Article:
Attorney Fees Awarded by Courts after Jury Verdicts Should be Included in Gore Analyses

In Nickerson v. Stonebridge Life Ins. Co., No. S213873, 2016 Cal. LEXIS 3757 (June 9, 2016), the California Supreme Court recently addressed the effects of the U.S. Supreme Court’s now 20-year-old ruling in BMW of North America, Inc. v. Gore, 517 U.S. 559 (1996). In Gore, the Court held that the 14th Amendment’s due process clause prohibited courts from imposing grossly excessive punitive damages awards and subsequent California decisions based on Gore have suggested that a ratio of somewhere around 9:1 or 10:1, passes constitutional muster. In Nickerson the California Supreme Court held that when reviewing the proportionality of punitive damages awarded by a jury, attorney fees awarded by the court after the jury’s verdict, should be included in the calculation.

Nickerson was covered under an indemnity policy issued by Stonebridge that provided coverage for hospital confinement, intensive care confinement and emergency room visits. Pertinent to this case, the policy paid $150 for emergency room visits and $350 per day for hospital confinements. Nickerson, a quadriplegic, fell from the wheelchair lift of his van and suffered a broken tibia and fibula. He spent 109 days in a VA hospital as a result of the injury and a significant part of that seemed to be based on his treating physician’s reluctance to discharge him to his home because a part for his wheelchair had not yet been repaired. After reviewing the claim, apparently without consulting Nickerson’s treating physician, Stonebridge determined, based on the policy’s definition of “necessary treatment,” that only 18 of the 109 days constituted necessary treatment and issued a check for $6,450, which included payment for the emergency room visit. Nickerson sued Stonebridge and the trial court granted Nickerson’s motion for a directed verdict on his breach of contract claim, ruled the “Necessary Treatment” provision was unenforceable because it was not conspicuous, plain and clear and awarded an additional $31,500 in policy benefits.

In the punitive damages phase of the trial, the jury found that Stonebridge breached the implied covenant of good faith and fair dealing and awarded $35,000 in compensatory damages for emotional distress and $19 million in punitive damages under section 3294 of the California Civil Code. Subsequent to the jury’s award, the court awarded Nickerson $12,500 in attorney fees, as permitted by Brandt v. Superior Court, 37 Cal.3d 813, 817 (1985), an amount stipulated to by the parties.

Stonebridge moved for a new trial seeking a reduction of the punitive damages, arguing that the award was unconstitutionally excessive. The court granted Stonebridge’s motion unless Nickerson agreed to a reduction of the punitive damages award to $350,000, that is, a 10:1 ratio based on the compensatory bad faith damages award. The court did not take into account the $12,500 in Brandt fees. Nickerson rejected the reduction and appealed the new trial order. The appeals court affirmed the trial court’s remittitur of the punitive damage award from $19 million to $350,000, based on a ratio of punitive to compensatory damages of 10 to 1, holding that such a ratio comported with due process. It also upheld the trial court’s exclusion of the Brandt fees in the calculation, reasoning that the fees were granted by the court, not the jury, after the jury had already awarded punitive damages.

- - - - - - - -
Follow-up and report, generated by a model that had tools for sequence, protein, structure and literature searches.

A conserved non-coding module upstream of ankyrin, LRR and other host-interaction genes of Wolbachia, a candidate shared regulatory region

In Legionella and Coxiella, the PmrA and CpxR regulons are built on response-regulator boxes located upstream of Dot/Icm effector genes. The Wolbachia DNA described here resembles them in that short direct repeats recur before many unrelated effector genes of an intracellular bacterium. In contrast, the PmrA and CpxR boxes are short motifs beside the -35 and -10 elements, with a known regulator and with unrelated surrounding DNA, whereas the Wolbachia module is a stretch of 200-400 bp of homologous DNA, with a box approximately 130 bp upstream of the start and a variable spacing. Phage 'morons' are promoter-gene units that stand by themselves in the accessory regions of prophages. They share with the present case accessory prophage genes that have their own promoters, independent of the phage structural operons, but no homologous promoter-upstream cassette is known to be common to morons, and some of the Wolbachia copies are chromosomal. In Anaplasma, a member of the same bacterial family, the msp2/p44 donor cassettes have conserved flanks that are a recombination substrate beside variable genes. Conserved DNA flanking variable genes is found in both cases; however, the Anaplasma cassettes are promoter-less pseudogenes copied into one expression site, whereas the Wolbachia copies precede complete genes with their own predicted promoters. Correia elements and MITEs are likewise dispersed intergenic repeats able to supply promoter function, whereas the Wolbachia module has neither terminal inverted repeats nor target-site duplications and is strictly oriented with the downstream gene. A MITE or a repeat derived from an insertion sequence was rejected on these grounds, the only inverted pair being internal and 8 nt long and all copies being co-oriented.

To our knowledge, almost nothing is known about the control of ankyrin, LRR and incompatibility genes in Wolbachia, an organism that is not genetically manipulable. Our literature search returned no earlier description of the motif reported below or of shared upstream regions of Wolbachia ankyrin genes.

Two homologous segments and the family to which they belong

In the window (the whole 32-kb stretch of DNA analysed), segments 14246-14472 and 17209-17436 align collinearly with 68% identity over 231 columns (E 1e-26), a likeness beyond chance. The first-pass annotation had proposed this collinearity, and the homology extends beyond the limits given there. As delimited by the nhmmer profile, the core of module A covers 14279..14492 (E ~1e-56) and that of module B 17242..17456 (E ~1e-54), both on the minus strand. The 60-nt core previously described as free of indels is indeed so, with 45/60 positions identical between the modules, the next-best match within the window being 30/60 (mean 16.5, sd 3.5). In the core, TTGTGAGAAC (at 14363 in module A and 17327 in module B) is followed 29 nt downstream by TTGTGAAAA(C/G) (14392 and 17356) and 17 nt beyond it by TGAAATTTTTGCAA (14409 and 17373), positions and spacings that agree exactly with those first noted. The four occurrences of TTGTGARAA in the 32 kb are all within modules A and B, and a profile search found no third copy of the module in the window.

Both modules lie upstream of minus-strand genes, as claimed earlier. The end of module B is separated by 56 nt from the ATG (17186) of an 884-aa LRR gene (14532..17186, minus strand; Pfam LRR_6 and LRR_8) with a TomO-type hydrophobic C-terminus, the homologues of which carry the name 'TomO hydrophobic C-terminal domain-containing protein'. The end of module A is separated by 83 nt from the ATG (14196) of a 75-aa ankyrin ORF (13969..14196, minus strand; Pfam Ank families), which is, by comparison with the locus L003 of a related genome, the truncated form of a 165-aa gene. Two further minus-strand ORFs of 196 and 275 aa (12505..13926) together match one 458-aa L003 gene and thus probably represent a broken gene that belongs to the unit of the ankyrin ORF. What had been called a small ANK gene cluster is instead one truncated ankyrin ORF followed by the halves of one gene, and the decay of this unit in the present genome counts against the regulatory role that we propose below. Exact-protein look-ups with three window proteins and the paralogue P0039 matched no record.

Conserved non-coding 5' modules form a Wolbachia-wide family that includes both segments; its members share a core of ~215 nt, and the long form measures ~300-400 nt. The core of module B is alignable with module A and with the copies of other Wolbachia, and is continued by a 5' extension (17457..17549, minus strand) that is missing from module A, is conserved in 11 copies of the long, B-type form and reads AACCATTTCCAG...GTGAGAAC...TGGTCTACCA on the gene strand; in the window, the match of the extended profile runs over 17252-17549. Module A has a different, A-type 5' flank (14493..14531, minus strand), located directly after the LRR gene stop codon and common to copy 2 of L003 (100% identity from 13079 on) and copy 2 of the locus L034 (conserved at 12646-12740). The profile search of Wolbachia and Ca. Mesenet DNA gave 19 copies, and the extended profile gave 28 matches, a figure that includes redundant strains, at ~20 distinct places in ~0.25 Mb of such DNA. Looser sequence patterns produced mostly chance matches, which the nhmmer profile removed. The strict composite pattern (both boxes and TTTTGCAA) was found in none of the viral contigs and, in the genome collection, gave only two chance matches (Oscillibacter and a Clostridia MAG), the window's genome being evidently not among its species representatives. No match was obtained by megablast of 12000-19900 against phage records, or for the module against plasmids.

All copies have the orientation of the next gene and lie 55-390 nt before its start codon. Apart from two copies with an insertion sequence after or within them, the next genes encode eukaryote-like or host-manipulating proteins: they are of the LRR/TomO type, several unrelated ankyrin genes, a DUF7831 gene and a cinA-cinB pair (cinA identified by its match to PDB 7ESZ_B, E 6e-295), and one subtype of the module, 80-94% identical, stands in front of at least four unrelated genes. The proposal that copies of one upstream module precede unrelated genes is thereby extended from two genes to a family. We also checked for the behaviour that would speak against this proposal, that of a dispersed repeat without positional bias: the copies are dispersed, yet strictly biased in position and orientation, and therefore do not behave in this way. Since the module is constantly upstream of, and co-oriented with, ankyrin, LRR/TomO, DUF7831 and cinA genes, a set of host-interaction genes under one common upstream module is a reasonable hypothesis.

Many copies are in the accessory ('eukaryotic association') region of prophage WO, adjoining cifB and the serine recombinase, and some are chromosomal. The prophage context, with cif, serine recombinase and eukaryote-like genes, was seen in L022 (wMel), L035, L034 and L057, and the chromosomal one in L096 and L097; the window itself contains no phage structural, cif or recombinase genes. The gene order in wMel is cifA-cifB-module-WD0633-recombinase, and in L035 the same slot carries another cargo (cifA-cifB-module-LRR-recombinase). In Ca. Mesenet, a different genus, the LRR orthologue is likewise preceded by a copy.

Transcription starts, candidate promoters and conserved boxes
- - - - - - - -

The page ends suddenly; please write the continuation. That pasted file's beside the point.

The California Supreme Court granted limited review solely on the question of whether it is proper to include Brandt fees in the proportionality review when those fees are awarded by a jury and exclude them when they are awarded by the court after the jury has made its punitive damages award. In support of its argument for exclusion if the fees are granted by the court post-verdict, Stonebridge alleged that because Gore’s purpose is “to permit courts to identify punitive damages awards that are tainted by irrational or arbitrary jury decisionmaking” only the evidence presented to the jury should be used in the inquiry. However, the court stated that the three-part Gore guideposts are not meant to regulate the jury’s decision making process but instead are in place to assist the reviewing court to “make an independent determination whether the amount of the award exceeds the state’s power to punish.” In holding that the Brandt fees should have been used in calculating the reduction in damages, the court stated that to exclude the Brandt fees simply because they were awarded by the court rather than the jury, especially here where the amount of the fees was stipulated to by the parties, would “skew the proper calculation of the punitive-compensatory ratio, and thus [] impair reviewing courts’ full consideration of whether, and to what extent, the punitive damages award exceeds constitutional bounds.” The court then remanded the case back to the appeals court for further proceedings.

While Brandt fees are unique to California, it is certainly not unusual in other jurisdictions for a court to grant attorney fees on its own after the jury’s verdict. A such, the parties should understand that these fees may be taken into account in a reviewing court’s proportionality review, despite not being based on any evidence presented to the jury.